Forest ecosystems play an important role in regulating the atmosphere’s chemical composition. Young trees absorb carbon dioxide from the atmosphere, store the carbon within their trunks while they grow, and release oxygen, giving us clean air to breathe. In fact, trees absorb so much carbon that their chemical composition is about 50% carbon!
Excess carbon dioxide in the atmosphere depletes the ozone layer and impacts global temperatures. Young, fast growing trees pull carbon from the oxygen during photosynthesis, store the carbon within their trunks, branches, and leaves, and release oxygen back into the atmosphere. When trees, branches, and leaves burn in a forest fire, the carbon stored within them is released back into the atmosphere. However, the emissions are dramatically reduced when forest byproducts are burned in a biomass-fueled electric generation facility. When treated this way, emissions from burning are considered carbon neutral.
Sierra Pacific Industries and the Forest Foundation are pioneers in researching the carbon neutrality of sustainably managed forests. As they explain in their infographic,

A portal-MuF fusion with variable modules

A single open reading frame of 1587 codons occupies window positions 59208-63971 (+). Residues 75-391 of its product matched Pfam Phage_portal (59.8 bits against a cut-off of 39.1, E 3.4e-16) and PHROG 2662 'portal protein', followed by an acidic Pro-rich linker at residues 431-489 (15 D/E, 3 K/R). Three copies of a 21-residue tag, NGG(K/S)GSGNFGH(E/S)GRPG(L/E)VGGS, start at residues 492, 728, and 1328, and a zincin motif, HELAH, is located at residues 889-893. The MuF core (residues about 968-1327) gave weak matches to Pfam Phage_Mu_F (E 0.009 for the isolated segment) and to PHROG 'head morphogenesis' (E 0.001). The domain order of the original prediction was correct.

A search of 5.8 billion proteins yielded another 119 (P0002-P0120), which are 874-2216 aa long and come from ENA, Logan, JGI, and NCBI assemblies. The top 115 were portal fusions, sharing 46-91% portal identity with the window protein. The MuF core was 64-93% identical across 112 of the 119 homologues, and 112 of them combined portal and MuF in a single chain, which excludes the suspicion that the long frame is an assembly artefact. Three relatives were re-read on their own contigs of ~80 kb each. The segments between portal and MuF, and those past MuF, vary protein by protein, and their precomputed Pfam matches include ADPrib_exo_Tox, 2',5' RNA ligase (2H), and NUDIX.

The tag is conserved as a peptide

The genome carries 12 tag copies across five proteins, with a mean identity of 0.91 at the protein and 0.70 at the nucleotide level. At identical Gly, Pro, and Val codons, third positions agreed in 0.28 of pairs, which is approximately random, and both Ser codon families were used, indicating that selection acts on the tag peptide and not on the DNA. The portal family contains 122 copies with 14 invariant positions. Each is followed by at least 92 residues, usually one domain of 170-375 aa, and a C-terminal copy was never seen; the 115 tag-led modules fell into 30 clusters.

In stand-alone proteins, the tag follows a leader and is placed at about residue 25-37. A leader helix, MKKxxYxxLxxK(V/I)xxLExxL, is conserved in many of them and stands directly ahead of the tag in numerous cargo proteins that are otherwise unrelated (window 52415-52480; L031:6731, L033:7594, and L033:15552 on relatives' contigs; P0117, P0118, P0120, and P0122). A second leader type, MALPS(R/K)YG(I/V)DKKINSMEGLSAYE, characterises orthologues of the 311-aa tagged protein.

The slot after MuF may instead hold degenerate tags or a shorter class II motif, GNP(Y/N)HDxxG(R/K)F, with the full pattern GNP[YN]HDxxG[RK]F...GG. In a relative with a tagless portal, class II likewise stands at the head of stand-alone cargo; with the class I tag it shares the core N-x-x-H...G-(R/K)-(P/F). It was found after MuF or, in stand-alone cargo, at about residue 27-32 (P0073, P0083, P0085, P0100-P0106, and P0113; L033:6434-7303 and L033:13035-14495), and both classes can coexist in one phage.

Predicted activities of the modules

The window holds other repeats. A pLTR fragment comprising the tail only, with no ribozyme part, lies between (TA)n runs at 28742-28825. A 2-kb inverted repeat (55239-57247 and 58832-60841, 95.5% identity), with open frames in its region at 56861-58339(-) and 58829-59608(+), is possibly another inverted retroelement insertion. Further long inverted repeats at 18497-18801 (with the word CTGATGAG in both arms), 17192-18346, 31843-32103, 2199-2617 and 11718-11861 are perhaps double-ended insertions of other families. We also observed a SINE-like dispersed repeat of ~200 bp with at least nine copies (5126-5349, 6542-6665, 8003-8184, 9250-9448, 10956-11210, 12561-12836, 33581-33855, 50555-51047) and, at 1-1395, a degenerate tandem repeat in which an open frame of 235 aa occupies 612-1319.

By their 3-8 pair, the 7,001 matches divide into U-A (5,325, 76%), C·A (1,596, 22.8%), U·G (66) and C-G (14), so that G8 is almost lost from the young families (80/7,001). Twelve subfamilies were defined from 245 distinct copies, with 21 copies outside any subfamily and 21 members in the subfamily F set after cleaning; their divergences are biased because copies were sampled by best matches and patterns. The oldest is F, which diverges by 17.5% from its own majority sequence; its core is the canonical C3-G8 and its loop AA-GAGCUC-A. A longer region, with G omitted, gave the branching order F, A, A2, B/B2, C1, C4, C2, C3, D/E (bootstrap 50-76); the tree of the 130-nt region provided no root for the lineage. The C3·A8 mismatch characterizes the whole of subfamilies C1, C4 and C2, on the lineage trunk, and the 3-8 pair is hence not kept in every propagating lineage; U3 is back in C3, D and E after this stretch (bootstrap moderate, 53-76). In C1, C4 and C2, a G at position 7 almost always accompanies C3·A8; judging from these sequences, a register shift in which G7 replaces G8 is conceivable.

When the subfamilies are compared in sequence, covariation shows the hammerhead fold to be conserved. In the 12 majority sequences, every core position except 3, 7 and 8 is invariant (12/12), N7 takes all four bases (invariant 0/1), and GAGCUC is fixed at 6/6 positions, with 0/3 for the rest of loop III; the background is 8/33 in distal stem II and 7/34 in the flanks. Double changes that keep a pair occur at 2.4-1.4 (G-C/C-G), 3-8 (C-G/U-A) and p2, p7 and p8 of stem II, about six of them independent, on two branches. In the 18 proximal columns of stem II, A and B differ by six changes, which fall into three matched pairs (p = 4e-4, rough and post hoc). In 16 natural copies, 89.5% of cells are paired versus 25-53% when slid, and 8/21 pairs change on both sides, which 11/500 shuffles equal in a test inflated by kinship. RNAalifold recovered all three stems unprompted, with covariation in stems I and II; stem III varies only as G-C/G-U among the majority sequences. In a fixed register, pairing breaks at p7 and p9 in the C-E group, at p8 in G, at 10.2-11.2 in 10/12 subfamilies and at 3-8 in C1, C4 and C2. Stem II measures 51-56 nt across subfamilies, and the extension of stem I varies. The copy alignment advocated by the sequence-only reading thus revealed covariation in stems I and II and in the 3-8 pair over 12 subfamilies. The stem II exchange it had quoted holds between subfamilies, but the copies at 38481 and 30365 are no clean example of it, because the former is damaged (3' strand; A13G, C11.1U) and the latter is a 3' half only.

“Young, healthy forests absorb carbon more rapidly than older, dense forests. Older forests release carbon at the same rate that they absorb it, neutralizing their effect on global warming. Sustainably managing forests is an effective way to store carbon. As a tree grows, it stores carbon in its trunk, branches, and roots. When trees are harvested, the carbon continues to be stored in wood products.”
Trees reach a point in their aging process when the emissions from the natural decaying process exceed the carbon they sequester. It’s like filling up a cup of water. There’s only so much empty space within a cup for it to hold water. Once it’s full, it overflows. Over-mature forests release excess carbon into the atmosphere similar to how water overflows from a cup when you try to pour too much into it.
However, this does not suggest that mature trees are bad and should be removed from forests. Nor does it suggest that young trees within a forest are the only plants that absorb carbon. Mature trees play an important role in preserving the forest’s ecosystem. Recent studies suggest that certain species of mature trees have ways of passing carbon underground to younger trees as a way to help them grow, adapt, and survive. Moreover, the biodiversity of forests supports carbon absorption from a variety of plant life. Forest ecosystems are incredibly diverse and they rely on that diversity to flourish, survive, and absorb carbon from the atmosphere.